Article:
Christos Tsadilas, PhD, is a senior researcher of the Institute of Industrial and Forage Crops of the General Directorship of Agricultural Research of the Hellenic Agricultural Organization DEMETER, a public entity supervised by the Ministry of Rural Development and Foods of Greece. He graduated from the Agricultural University of Athens in 1975 and earned his master's degree and PhD from the same university. From 1977 to 1984, he worked at the Institute of Soil Mapping and Classification of the Ministry of Rural Development and Foods as a soil surveyor, and has been a senior scientist of the National Project of Soil Survey Mapping in Greece. Later, he worked as a researcher at the National Agricultural Research Foundation in Greece, which later merged with the current Hellenic Agricultural Organization DEMETER. He has taken post doc studies at the University of Reading (United Kingdom), University of Kentucky, and University of Lincoln (Nebraska), sponsored by the Royal Society of England, OECD, and the Fulbright Foundation, respectively. His main research interests include soil survey and classification, soil chemistry and fertility, soil pollution and remediation, and waste management. He also has work experience on land reclamation of disturbed lands. In the past few years, he has started to deal with the new technologies used in precision farming systems. Dr. Tsadilas is a well-known researcher in the field of trace elements in soils, having published more than 250 papers in peer-reviewed journals, chapters in books, and papers in international conference proceedings. A special mention is made on the book The Soils of Greece (Yassoglou, Tsadilas, and Cosmas, 2017, Springer). He has served as associate editor for several journals including Environmental Pollution, Communications in Soil Science and Plant Analysis, Advances in Agriculture, and the African Journal of Agricultural Research. He also served as president of the Hellenic Soil Science Society for several years.
Joerg Rinklebe, PhD, is a professor in soil and groundwater management at the University of Wuppertal, Germany. From 1997 to 2006, he worked as a scientist, research associate, and project leader in the Department of Soil Sciences at the UFZ (Centre for Environmental Research), Leipzig-Halle, Germany. Dr. Rinklebe studied ecology for one year at the University of Edinburgh, Scotland (1992-1993). He studied agriculture, specializing in soil science and plant nutrition, at Martin Luther University Halle-Wittenberg, Germany, where he earned a PhD in soil science. His main research is on wetland soils, sediments, waters, plants, and their pollution (trace elements and nutrients) and linked biogeochemical issues, with a special focus in redox chemistry. He also has expertise in remediation of toxic element-contaminated soils and soil microbiology. Dr. Rinklebe is internationally recognized for his research in the areas of biogeochemistry of trace elements in wetland soils. He has published numerous scientific papers in leading international and national journals, a book, Trace Elements in Waterlogged Soils and Sediments (2016), as well as numerous book chapters. He serves as associate editor of the international journal Environmental Pollution and as a guest editor of the international journals: Journal of Hazardous Materials, Environment International, Science of the Total Environment, Chemosphere, Journal of Environmental Management, Applied Geochemistry, and Environmental Geochemistry and Health. In addition, he is a member of several editorial boards including Ecotoxicology, Geoderma, Water, Air, & Soil Pollution, and Archive of Agronomy and Soil Science, and is a reviewer for many international journals. He has organized several special symposia at various international conferences such as "Biogeochemistry of Trace Elements" (10th, 11th, 12th, 13th, and 14th ICOBTE) and the "International Conference on Heavy Metals in the Environment" (15th, 16th, 17th, 18th, and 19th ICHMET). He has been an invited speaker (plenary and keynote) at many international conferences. In October 2016, he was appointed as honorable ambassador for Gangwon Province, South Korea. Since March 2017, he has been a visiting professor at the Department of Environment and Energy at Sejong University, Seoul, South Korea, and a guest professor at the Department of Environmental Engineering, China Jiliang University, Hangzhou, Zhejiang, China.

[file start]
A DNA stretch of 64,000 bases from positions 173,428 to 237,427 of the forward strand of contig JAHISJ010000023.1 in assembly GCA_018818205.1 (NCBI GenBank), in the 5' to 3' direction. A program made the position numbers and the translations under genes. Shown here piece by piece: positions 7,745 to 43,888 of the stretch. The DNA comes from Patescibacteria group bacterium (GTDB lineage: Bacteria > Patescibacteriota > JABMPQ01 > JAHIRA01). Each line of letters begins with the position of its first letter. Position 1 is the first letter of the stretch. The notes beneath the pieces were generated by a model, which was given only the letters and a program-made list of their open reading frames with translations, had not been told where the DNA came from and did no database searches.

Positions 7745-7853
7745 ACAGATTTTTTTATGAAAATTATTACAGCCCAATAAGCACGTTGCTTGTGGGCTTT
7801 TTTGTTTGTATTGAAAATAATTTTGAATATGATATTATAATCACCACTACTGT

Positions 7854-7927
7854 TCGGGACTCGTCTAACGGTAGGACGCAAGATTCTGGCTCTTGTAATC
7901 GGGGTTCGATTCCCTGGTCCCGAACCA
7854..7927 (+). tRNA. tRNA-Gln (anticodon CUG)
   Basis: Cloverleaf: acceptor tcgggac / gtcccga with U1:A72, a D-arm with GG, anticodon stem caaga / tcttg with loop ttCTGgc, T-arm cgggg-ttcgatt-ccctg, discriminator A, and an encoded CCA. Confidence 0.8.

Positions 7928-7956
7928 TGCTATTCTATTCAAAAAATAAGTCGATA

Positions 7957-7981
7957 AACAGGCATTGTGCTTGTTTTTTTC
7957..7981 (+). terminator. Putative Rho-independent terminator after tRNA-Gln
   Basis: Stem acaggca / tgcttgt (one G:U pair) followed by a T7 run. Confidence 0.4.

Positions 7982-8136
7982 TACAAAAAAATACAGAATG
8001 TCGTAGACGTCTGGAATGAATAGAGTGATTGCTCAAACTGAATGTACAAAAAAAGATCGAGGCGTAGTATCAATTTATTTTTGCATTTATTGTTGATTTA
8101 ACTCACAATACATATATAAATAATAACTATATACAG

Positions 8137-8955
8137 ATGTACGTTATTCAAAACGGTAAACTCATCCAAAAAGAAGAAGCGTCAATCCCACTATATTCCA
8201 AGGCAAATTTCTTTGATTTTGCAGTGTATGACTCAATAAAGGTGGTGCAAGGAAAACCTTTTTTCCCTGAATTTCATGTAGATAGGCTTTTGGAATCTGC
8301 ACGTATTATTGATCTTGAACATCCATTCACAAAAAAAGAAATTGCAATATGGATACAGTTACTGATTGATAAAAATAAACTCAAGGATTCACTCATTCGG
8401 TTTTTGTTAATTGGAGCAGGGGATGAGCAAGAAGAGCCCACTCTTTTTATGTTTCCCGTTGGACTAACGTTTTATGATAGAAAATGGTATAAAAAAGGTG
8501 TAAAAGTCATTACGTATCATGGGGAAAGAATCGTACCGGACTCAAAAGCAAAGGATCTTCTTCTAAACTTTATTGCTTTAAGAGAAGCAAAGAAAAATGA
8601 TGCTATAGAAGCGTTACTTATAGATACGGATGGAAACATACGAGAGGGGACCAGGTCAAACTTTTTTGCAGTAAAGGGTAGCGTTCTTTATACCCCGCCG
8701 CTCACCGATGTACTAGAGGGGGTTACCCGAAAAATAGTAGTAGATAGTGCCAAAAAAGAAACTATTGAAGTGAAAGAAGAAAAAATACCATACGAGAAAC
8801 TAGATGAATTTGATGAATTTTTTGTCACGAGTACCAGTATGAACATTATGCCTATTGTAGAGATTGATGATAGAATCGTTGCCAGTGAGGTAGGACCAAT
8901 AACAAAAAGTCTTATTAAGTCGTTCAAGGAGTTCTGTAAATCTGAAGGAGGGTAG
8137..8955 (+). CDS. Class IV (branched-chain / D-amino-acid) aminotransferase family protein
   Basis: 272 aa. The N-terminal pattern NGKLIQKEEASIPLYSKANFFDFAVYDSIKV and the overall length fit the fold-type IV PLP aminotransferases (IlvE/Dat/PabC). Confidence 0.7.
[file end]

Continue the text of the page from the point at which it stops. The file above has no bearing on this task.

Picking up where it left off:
H. Magdi Selim, PhD, is professor of Soil Physics and George and Mildred Caldwell Endowed Professor of Soil Science, School of Plant, Environmental and Soil Sciences at Louisiana State University at Baton Rouge. He received his BS degree in soil science from Alexandria University, Alexandria, Egypt, and his MS and PhD in soil physics from Iowa State University, (Ames, Iowa). He is internationally recognized for his research in the areas of kinetics of reactive chemicals in heterogeneous porous media and transport modeling of dissolved chemicals in water-saturated and unsaturated soils. He is the original developer of several models for describing the retention processes of chemicals in soils. Pioneering work also includes multistep/multireaction and nonlinear kinetic models for trace elements, heavy metals, radionuclides, explosive contaminants, phosphorus, and pesticides in soils. Other research areas include water quality, soil health, and the fate of applied agricultural chemicals in soils at different scales, as well as best management practices that minimize nutrient and soil loss under different agricultural management. Dr. Selim is the developer of Chem_Transport, a software package of models that describe the fate and transport of reactive chemicals and tracers in soils and geological media. The models represent recent advances made toward the understanding of transport characteristics of chemicals in soils with an emphasis on physical and chemical nonequilibrium. Dr. Selim is the author or coauthor of numerous scientific publications in several journals. He is also editor and coauthor of several books. Dr. Selim is the recipient of several professional awards and honors. He is a member of the American Society of Agronomy, the Soil Science Society of America, the International Society of Soil Science, the International Society of Trace Element Biogeochemistry, the Louisiana Association of Agronomy, and the American Society of Sugarcane Technology. Dr. Selim was elected chair of the Soil Physics Division of the Soil Science Society of America. He has served on numerous committees of the Soil Science Society of America, the American Society of Agronomy, and the International Society of Trace Element Biogeochemistry. He also served as associate editor of Water Resources Research and the Soil Science Society of America Journal and as technical editor of the Journal of Environmental Quality.